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How you feel matters

The Bedford Sixth Form Therapy Stock Photo

With the start of the summer holidays, we wanted to ensure that all families and young people have clear access to support and advice whilst they are not in school/college.

There can be a lot of pressure on young people at this time of year from exam results, friendship groups, social media, worries surrounding body image and health to simply not having the normal regular routine of school/college.

We are sending out the accompanying information How You Feel Matters to all our students and their parents/carers to raise awareness about what is available over the summer period and year-round, to support them, their friends and their family.

If you or someone you know is feeling lost, desperate or alone encourage them to speak to a trusted friend or family member, sharing how you feel can be a big step in the right direction.

If you are a parent or carer and worried about your child or someone you know:

  • Encourage the person or your child to ask for support if needed.
  • If you are concerned about the emotional and mental health of a child or adult encourage them to seek professional help and talk to their GP. If they need urgent immediate support, phone NHS 111 option 2, or take them to an A&E department.  In an emergency call 999.
  •   Also many online or phone resources now provide anonymous counselling and text services for young people to use directly. Please see the sources of support available in the information provided.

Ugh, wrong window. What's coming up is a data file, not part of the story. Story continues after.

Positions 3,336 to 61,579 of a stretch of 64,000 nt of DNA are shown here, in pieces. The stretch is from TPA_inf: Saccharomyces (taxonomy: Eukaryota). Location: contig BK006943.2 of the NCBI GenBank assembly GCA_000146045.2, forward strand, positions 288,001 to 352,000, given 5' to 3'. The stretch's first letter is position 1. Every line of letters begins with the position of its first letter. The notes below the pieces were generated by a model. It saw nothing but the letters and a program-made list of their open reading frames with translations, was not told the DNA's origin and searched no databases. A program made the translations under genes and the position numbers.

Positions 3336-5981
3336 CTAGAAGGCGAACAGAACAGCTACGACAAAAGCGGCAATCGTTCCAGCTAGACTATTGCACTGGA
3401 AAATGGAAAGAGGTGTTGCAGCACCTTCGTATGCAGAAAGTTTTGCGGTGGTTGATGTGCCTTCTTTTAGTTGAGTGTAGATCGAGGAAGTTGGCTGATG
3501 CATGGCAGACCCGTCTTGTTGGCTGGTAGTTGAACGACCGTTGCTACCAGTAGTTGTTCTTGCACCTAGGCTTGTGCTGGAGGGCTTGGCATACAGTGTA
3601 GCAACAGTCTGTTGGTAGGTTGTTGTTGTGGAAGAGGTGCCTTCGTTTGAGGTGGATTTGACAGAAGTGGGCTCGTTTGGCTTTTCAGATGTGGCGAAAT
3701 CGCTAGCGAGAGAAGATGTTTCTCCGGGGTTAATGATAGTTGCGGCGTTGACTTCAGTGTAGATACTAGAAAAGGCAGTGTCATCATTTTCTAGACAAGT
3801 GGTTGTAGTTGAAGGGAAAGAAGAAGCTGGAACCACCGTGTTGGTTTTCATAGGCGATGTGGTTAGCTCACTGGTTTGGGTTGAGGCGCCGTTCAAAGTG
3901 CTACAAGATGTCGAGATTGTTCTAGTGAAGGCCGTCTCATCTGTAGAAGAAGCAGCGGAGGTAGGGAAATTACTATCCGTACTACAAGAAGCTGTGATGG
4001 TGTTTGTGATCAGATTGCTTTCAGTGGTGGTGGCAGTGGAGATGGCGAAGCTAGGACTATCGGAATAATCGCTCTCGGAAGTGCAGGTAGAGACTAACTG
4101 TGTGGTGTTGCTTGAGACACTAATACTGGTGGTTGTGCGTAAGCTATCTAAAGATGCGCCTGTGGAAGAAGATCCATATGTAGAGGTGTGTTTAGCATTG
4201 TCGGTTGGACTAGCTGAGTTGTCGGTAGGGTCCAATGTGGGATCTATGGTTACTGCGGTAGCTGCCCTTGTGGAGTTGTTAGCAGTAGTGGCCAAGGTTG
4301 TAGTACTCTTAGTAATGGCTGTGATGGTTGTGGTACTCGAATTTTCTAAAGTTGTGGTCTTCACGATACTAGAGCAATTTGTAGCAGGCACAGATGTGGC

• If they, or you, are worried about them harming themselves, ask them direct questions, such as “sometimes when people feel like you do, they think about suicide and harming themselves, is that what you are thinking about”?
  • Empathic listening is key here – ask open and honest questions and show that you’re listening by reflecting on what they say and clarifying what they mean. Don’t jump in with solutions – allow them to express their problems first.
  • Don’t minimalize their feelings by saying it’s ‘just a phase’, ‘you’ll grow out of it’ or ‘why is that even bothering you?’ Take time to imagine what it’s like for that person, focus on their feelings and their experiences – not your own
  • Firstly, it is important that you try to stay calm and listen to the young person – hear them out. Avoid judgement, regardless of what’s going on
  • Please ensure the young person you live with has the information provided saved somewhere easily accessed so they can always refer to it should they need help, advice or support.
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